We’ve all played “Man” and “Zone” and I think it’s time to embrace a new and somewhat random system where we’re thinking less about zones and players, and more about flight paths and developing a poaching mindset (admittedly structured almost exactly as a zone would be). I want to do some strange shit. I want to leave the handler unmarked (if we have a lead!) and double up on the in-cuts.
I want to see the game evolve.
Today I woke up dreading another hour long workout, so much so that if I wasn’t publicly committed to doing this (and posting the video) I’d probably have skipped today altogether. So instead I’m going to change the program slightly to make it much more flexible and achievable.
Instead of doing 50 of one movement, I am now making it so I can do 50 of any movement. In my head, I was going to do 25 dips and 25 pull-ups today, and that was far more appealing than doing all 50 pull-ups only, or all 50 dips only. Doing different exercises also cuts down on the time needed between sets because you’re not necessarily using the same muscle groups. This of course cuts way down on the total length of the workout. Yesterday I was lifting for about an hour. Today I was done in about 6 minutes.
This flexibility is going to go a long way in ensuring I stick to this program long enough for it to become a habit (which, according to Google, takes 66 days). I’ll commit to posting a set of 70 videos, then deciding whether I’ve established the habit and can stop the videos or whether it’s still a struggle and I need to keep going.
Here’s today’s (much shorter) workout… with a tangent about how squirrels stay warm in the winter thrown in as bonus material:
Only a fool wants war. But once a war starts, then it cannot be fought half-heartedly. It cannot even be fought with regret, but must be waged with a savage joy in defeating the enemy. – Derfel Cadarn (Excalibur, Bernard Cornwell)
Some things fucking suck, but we still gotta get them done. How we do these brutally painful things probably says more about us than how we do the easy stuff, the stuff we’re good at and the stuff we love.
The idea of committing to something painful and refusing to stop is well illustrated in this video of Gary V eating increasingly spicy chicken wings:
I’m always getting sucked back into my own comforts. For my family, Sunday is about comfort, taking the day slowly, and relaxing. Often we do that so well that shifting back into gear on Monday is a huge challenge. Caffeine and epic music can help grease the gears:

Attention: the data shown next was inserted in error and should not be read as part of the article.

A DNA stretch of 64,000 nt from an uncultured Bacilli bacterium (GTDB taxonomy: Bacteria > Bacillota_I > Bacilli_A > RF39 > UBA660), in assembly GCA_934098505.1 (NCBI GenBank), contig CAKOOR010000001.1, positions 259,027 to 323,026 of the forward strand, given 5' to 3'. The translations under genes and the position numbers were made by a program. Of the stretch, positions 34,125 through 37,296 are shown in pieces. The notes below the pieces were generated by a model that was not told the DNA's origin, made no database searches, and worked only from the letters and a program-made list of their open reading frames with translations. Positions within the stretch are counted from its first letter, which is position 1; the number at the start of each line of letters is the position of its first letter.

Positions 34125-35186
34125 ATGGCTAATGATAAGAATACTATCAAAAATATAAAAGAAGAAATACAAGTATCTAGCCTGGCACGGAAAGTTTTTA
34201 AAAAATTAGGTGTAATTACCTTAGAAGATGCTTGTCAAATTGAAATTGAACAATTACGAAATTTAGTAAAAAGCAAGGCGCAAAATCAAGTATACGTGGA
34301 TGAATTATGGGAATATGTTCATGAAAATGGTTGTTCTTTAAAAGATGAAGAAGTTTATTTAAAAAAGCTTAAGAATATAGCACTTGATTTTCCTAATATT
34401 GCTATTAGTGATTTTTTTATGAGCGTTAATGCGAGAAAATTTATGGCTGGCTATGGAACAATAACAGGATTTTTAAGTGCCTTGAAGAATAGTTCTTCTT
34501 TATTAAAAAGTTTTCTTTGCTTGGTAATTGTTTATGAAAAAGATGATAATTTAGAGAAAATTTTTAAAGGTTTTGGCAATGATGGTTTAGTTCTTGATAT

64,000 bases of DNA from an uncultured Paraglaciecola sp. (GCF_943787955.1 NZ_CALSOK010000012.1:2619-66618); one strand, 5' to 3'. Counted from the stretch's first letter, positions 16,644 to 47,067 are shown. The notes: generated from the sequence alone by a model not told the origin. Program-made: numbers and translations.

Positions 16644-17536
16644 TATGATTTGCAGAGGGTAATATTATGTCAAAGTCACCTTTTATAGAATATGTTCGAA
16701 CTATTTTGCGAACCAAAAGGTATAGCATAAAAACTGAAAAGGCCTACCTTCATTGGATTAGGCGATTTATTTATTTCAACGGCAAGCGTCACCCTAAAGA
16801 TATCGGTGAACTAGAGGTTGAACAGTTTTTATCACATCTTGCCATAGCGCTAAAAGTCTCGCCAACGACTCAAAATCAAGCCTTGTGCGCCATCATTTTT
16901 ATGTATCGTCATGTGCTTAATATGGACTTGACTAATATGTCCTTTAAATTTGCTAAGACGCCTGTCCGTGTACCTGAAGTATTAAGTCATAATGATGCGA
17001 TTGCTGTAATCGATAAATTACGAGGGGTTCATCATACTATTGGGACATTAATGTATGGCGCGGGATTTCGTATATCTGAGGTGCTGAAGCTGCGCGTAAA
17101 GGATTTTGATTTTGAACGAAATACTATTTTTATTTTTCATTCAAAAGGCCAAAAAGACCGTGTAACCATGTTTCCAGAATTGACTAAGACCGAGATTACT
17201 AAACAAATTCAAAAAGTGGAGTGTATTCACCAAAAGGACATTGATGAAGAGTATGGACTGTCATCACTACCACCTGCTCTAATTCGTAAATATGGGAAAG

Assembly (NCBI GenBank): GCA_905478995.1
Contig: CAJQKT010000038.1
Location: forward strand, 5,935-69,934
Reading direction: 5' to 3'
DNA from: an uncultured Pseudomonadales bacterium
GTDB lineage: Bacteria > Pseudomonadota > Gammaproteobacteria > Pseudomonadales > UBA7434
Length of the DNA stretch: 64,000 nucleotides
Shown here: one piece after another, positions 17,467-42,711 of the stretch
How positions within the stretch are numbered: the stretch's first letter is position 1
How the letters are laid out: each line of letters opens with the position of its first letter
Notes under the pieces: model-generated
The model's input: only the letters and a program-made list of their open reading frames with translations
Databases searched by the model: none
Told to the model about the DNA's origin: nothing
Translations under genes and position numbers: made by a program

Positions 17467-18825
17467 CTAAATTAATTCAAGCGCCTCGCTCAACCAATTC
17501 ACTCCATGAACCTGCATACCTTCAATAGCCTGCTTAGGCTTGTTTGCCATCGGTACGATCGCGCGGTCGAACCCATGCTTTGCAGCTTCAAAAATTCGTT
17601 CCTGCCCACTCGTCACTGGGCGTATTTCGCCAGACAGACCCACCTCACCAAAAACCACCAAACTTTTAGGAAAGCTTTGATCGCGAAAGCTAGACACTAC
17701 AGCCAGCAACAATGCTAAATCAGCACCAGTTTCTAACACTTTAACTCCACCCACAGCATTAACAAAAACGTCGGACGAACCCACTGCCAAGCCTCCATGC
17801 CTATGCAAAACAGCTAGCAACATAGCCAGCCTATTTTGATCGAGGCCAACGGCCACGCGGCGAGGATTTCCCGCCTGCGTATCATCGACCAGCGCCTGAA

Then it’s a matter of getting down to the work. I’ve found that the thing I dread doing the most is the thing I should be doing. On days I’ve done well, I skip looking at emails and I go straight into doing the hardest thing. On days I don’t do so well, I end up wandering through emails and end up on chat support with an Amazon support rep trying to return a book for $8. The question I ask to determine whether I’m being productive or not is, “Does doing this activity bring me closer to where I want to be in 5 years?” If the answer is “No” the best thing to do is abandon the task and start doing something I can foresee contributing to a more successful future.
Sometimes that thing is studying a new technique or skill that will contribute to my work. Sometimes the activity is simply doing good work for a client I expect to be working for in 5 years.
Right now, the war I didn’t want is the war of Sunday Ryan vs. Monday Ryan. Monday Ryan cannot fight half-heartedly. He can’t fight with regret. He must wage war with a savage joy in defeating himself.
Fall is my favourite season, but I do get depressed when the daylight hours shorten. While I don’t necessarily suffer from full-blown Seasonal Affective Disorder (I don’t think!) I do get a little blue when I’m getting less exposure to the sun/nature/outdoors in general.